South County Vehicle Retrieval

Canopener came by late this afternoon to fetch the Starfire. I expected he was going to show up in my driveway with a large tow truck or some variety of car hauler. Instead he brought a pickup truck with a small tow trailer. I guess he grabbed whatever was handy from his company’s available equipment. Leaving the truck blocking one lane of road he hopped in to the Oldsmobile and pulled it’s parking brake. Putting it in neutral he was ready to back out down the driveway. I warned him about having no brakes. Canopener’s attitude was, it ain’t nothin. Heh. I pushed against the car’s front bumper and away he went. Rolling out to pavement he pulled hard on the steering wheel and hooked smoothly past his tow rig coming to a slow easy stop. Good job.

Now was the difficult part. We didn’t have any extra help from anyone. Our mission was to push that heavy solid American steel up on to the tow trailer. Both front wheels had to be planted directly above the trailer’s axle. It had ramps leading up and over but they were short and steep. Canopener straightened out the front tires by reaching in through a window. In order to pick up speed and gain momentum pushing that bastard we left a long distance between us and the trailer. Hopefully both of us had enough strength to power on through.

Canopener said, “You ready?”

Simultaneously both of us pushed as hard as we could from either side of the rear bumper. Walking, then running I felt the front end rise upwards towards the sky for a moment. Then an unbelievable amount of force rushed back against my arms. The Starfire’s hood leveled out. Rolling backwards towards us Canopener and I got the fuck out of the way. Neither one of us wanted to be crushed. Our second attempt was no better. My beast of a dead car would not cooperate. Gently rolling to a stop past us we regrouped at the bumper for one more try.

We failed. Both of us were getting tired.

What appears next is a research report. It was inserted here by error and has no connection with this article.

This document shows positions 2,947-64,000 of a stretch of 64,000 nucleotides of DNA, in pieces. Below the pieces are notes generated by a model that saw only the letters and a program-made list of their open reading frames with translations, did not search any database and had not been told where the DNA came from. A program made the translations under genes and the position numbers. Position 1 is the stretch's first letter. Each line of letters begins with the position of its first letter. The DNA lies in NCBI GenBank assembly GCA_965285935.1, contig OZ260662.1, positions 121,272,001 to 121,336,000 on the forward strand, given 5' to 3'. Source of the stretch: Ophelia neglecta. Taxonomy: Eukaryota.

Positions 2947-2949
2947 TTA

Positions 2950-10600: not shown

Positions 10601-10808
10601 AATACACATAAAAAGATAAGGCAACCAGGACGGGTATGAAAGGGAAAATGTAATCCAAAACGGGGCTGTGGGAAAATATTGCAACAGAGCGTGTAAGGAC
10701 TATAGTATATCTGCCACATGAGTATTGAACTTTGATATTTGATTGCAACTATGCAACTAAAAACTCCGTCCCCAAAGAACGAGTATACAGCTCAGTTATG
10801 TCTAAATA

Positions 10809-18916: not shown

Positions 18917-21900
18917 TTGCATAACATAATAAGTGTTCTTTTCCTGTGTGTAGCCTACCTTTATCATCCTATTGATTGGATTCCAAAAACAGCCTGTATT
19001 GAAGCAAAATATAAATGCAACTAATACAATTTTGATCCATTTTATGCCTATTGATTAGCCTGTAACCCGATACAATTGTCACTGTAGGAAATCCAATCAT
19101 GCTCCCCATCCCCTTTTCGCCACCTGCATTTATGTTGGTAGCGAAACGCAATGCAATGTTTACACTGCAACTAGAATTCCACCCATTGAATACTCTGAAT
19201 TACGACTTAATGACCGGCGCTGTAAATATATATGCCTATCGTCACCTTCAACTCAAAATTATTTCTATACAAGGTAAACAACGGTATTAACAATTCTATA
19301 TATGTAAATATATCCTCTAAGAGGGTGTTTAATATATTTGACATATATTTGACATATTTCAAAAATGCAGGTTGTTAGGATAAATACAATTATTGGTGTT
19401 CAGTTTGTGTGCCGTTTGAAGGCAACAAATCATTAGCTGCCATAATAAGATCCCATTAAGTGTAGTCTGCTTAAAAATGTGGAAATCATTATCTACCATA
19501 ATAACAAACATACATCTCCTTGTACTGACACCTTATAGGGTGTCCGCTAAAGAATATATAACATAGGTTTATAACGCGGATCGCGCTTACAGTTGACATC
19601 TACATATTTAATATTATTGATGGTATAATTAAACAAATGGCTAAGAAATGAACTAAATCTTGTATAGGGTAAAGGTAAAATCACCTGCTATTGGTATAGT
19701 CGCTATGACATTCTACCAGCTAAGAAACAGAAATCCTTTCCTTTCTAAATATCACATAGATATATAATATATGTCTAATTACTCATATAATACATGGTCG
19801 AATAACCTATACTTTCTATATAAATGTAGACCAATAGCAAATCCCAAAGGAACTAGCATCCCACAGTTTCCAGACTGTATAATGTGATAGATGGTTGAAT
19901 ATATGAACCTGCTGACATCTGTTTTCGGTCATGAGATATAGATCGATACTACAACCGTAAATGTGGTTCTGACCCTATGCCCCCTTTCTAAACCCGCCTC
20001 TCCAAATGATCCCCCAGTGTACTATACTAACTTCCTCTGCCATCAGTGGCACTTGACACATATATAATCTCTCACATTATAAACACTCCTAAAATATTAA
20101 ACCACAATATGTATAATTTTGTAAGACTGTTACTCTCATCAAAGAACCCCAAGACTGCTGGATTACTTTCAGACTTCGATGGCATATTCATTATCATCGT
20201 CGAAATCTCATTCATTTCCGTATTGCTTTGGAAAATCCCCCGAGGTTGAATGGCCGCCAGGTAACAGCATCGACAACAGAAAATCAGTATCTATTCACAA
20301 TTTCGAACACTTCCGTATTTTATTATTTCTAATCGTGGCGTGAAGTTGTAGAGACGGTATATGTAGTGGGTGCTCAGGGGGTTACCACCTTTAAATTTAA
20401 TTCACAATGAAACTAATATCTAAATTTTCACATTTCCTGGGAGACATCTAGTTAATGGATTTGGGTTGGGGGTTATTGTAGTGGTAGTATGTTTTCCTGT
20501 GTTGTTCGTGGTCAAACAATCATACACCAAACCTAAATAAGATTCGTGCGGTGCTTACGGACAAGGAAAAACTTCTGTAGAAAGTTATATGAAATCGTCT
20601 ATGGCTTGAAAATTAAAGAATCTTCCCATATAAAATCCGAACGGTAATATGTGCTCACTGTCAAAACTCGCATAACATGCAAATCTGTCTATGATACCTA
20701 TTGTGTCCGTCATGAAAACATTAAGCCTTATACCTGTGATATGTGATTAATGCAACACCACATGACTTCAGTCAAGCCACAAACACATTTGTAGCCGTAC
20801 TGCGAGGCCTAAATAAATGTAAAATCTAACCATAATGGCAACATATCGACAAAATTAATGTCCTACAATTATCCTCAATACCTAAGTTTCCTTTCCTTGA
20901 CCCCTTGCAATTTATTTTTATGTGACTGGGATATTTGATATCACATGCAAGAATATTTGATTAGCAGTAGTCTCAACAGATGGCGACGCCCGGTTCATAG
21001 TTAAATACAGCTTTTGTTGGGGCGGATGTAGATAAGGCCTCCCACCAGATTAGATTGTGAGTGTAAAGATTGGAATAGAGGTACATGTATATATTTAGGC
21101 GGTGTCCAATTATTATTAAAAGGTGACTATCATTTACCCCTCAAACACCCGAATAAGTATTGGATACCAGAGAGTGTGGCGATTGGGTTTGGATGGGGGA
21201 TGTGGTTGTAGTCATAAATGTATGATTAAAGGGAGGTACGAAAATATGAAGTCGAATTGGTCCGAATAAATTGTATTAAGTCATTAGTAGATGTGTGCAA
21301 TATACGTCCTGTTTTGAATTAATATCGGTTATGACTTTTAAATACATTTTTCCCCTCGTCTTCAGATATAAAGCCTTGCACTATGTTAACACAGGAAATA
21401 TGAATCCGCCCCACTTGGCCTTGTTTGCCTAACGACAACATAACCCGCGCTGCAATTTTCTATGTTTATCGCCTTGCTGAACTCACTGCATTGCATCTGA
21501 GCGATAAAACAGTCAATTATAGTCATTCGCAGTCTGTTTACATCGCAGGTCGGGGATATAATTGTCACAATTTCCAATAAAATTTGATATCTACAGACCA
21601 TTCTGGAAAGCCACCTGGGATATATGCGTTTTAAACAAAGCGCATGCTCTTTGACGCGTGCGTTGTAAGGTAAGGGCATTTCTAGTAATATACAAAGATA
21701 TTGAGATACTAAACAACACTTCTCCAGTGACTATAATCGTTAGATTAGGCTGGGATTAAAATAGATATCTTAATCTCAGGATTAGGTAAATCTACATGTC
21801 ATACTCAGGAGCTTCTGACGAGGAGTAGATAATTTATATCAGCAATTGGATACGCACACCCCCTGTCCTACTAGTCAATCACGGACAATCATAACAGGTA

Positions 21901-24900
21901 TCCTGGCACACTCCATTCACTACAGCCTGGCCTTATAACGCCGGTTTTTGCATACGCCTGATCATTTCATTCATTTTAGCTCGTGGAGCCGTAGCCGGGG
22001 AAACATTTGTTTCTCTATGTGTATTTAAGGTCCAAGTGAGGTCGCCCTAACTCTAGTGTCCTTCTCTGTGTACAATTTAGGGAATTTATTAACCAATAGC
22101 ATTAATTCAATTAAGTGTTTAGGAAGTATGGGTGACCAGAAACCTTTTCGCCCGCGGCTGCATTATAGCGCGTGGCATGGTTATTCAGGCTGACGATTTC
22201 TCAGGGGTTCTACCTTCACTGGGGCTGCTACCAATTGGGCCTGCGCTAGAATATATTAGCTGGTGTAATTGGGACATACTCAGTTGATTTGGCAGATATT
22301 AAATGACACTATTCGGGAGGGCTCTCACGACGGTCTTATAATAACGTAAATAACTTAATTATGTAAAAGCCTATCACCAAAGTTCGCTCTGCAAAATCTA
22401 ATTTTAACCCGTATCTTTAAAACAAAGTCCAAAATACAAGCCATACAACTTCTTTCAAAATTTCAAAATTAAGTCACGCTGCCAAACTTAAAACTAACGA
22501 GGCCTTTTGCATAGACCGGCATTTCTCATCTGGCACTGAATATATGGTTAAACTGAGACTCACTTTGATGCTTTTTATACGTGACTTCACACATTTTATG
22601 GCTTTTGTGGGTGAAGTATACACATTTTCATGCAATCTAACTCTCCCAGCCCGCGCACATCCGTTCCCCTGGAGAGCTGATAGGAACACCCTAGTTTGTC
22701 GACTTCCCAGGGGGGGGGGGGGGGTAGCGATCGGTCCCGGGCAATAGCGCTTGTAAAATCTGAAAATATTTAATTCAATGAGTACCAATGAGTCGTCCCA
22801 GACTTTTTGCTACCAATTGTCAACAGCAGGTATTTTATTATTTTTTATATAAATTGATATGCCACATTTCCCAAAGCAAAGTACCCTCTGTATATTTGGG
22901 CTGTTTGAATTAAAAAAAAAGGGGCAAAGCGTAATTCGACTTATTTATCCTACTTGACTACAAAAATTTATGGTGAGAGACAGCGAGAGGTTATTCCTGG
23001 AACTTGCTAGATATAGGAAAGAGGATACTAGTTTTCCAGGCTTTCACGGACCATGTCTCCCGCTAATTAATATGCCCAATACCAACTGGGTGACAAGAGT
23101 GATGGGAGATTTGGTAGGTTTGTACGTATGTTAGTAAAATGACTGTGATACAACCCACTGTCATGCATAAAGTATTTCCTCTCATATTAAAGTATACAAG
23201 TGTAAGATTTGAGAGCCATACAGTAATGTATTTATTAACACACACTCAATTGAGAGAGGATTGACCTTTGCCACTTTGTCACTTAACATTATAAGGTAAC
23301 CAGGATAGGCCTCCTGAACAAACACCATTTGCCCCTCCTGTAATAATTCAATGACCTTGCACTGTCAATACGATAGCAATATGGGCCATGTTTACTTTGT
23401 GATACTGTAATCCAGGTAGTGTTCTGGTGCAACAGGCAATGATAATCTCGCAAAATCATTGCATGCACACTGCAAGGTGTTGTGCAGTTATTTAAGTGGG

Canopener stood there in the street thinking. Then he turned to me and said, “Now we’re gonna do what you’re NOT supposed to do.”
“What’s that?” I suspected something bad was about to happen.
“Let’s push it up against the trailer.”

As soon as we reached it and the car’s front tires were barely making contact with ramps, Canopener put the Oldsmobile into park and he engaged the brake. With a big, shit eating grin on his face Canopener looked at me saying, “Don’t worry. This is going to be FUN. You’ll like it, but you should stand back.”

Uh oh. I ran over to the sidewalk.

Jumping into the cab of his pickup truck Canopener started the engine, threw it in reverse, and buried his foot into the accelerator pedal. Both rear wheels of the truck began cooking off like a funny car at a quarter mile drag strip. Clouds of thick, pure white smoke belched out of each wheel well rising past trees. The squealing sound coming from those tires was truly horrible. It echoed through my neighborhood with such ear splitting volume I anticipated any second everyone on the block would come running outside to see what the commotion was. And the smell, nasty. It was like someone had just incinerated ten thousand rubber bands. Inching backwards the trailer ramps scraped along pavement like a spatula and scooped up both of the Starfire’s front tires. Lurching once or twice it creeped up and over until finally coming to rest in the trailer’s grip. Canopener did it.

Stepping off the sidewalk I met Canopener at his truck’s trailer hitch. In his best white trash hillbilly voice and with a smile on his face he said, “That’s the way we do things in South County.”

After securing the Oldsmobile with chains and heavy straps were cinched down over it’s front tires Canopener drove home. I watched as he hauled that beauty of a classic ride down the street until he made a left turn and disappeared from view. Thinking to myself, I was happy and also sort of sad at the same time to see it go.

I had one more corpse of a vehicle to ditch. My local police department had ever so kindly given me extra incentive to do so. They had come by at some point earlier in the week and tagged the Cougar for impound removal in ten days. It’s really got to go away. The sooner, the better.


~ by factorypeasant on August 4, 2006.

5 Responses to “South County Vehicle Retrieval”

  1. damn , thats pretty slick never heard ‘o that before… dukes of
    hazard county towing!

  2. well shit
    i can’t believe that shit worked.

  3. it was wacky that’s for sure.

  4. Great ending to a great car experience….

  5. w0rd, ETW.

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